LINKEDINCOMMENTMORE

The University of Michigan's public safety director confirmed Sunday that reports of a shooter on campus were related to balloons popping in the area, which sounded like shots being fired.

"Even though this was a false alarm, we are grateful for members of our community who made the call to police to report it," said Eddie L. Washington, executive director of the Department of Public Safety and Security, in a statement.

"The news of a shooter on campus was a terrifying and traumatic experience for members of our community — both for people near Mason Hall when the reports were coming in as well as anyone who received the alert from afar," Washington said.

The incident reconfirms the importance of making sure students, staff and others are signed up for the UM Emergency Alerts and the importance of being prepared for such situations, Washington said.

"We are incredibly thankful for the multi-jurisdictional response and coordination with our numerous local, state and federal law enforcement agencies that responded and immediately provided support to our officers’ efforts to respond, investigate and ensure the safety of our university community," Washington said in the statement.

UM president Mark Schlissel tweeted on Sunday: "I want to acknowledge the feelings of fear and confusion caused within our community by the series of events yesterday."

"I would like to thank our responders along with everyone who helped ensure safety and offered support," the tweet continued.

But for thousands across Michigan, a 4:40 p.m. alert Saturday from the University of Michigan, apparently sparked by the popping balloons, set off three hours of fear and anguish on the Ann Arbor campus.

Those who scrambled in light of the alert barricaded themselves in classrooms and bathrooms and were finally assured at 7:50 p.m. that the threat was false.

Campus counselors were made available Sunday because of any trauma during the episode.

"UM EAlert Ann Arbor: Active shooter in Mason Hall. Run, hide, fight," the initial alert that was sent by the University of Michigan public safety said.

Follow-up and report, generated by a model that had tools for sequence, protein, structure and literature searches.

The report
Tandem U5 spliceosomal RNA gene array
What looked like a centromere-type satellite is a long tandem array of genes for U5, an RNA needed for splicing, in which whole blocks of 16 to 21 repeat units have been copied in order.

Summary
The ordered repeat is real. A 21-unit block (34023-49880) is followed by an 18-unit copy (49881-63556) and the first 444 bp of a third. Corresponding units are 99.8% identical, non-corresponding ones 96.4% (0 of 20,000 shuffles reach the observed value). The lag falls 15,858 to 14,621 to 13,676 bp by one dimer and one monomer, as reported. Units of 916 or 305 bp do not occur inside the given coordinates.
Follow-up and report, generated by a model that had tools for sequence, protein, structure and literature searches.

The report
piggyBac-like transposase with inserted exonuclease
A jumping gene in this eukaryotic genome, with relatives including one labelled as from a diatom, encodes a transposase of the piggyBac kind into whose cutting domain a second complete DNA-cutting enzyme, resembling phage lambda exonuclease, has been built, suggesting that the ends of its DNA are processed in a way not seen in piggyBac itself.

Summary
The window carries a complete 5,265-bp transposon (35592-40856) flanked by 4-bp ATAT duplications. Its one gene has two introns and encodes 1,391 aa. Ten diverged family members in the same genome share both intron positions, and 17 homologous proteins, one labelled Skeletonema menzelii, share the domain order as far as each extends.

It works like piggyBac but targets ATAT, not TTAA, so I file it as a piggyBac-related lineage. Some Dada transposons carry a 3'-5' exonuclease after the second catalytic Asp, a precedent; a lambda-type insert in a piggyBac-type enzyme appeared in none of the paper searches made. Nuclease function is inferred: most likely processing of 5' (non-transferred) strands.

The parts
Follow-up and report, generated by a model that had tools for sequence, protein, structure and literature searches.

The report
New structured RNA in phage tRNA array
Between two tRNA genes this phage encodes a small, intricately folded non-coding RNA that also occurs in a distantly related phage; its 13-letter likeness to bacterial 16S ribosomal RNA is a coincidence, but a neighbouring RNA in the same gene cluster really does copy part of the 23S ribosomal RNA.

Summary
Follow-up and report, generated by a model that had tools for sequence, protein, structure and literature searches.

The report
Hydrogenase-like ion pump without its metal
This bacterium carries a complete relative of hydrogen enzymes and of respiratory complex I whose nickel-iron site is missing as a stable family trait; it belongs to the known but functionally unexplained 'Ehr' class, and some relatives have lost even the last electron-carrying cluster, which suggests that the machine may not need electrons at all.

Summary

That alert was followed 37 minutes later by another that, for the first time, said the report was unconfirmed. Many had already scrambled to hide.

University of Michigan law student Sam Rubinstein was attending a campus vigil for victims of the New Zealand mosque shooting Saturday when he heard someone yelling, “MOVE! MOVE!”

He turned to see a police officer running toward the group. Panic set in as the crowd started moving away and up the stairs of the UM Hatcher Graduate Library. He and others he was with ended up huddling in a third-floor bathroom for an hour.

“There could have been no real threat at all or it could have been a very real threat,” said Rubinstein, 24, of New Jersey.

University police said they received as many as 20 reports at 4:35 p.m. of shots fired in Mason Hall. Officers said a short time later that they had found no evidence of shots fired or an active shooter. Mason Hall is on The Diag in the middle of the central campus.

Students were advised to run, hide and fight, if necessary. Many barricaded themselves in bathrooms and rooms in the Hatcher library. 

At 7:50 p.m., the school gave the all-clear saying the active-shooter alert was a false alarm.

Officers had secured the building and the situation remained under investigation by campus police and Washtenaw County Sheriff's Office, the school said.

jchambers@detnews.com

LINKEDINCOMMENTMORE
Read or Share this story: https://www.detroitnews.com/story/news/local/michigan/2019/03/17/popping-balloons-led-um-alert-campus-police-leader-says/3196145002/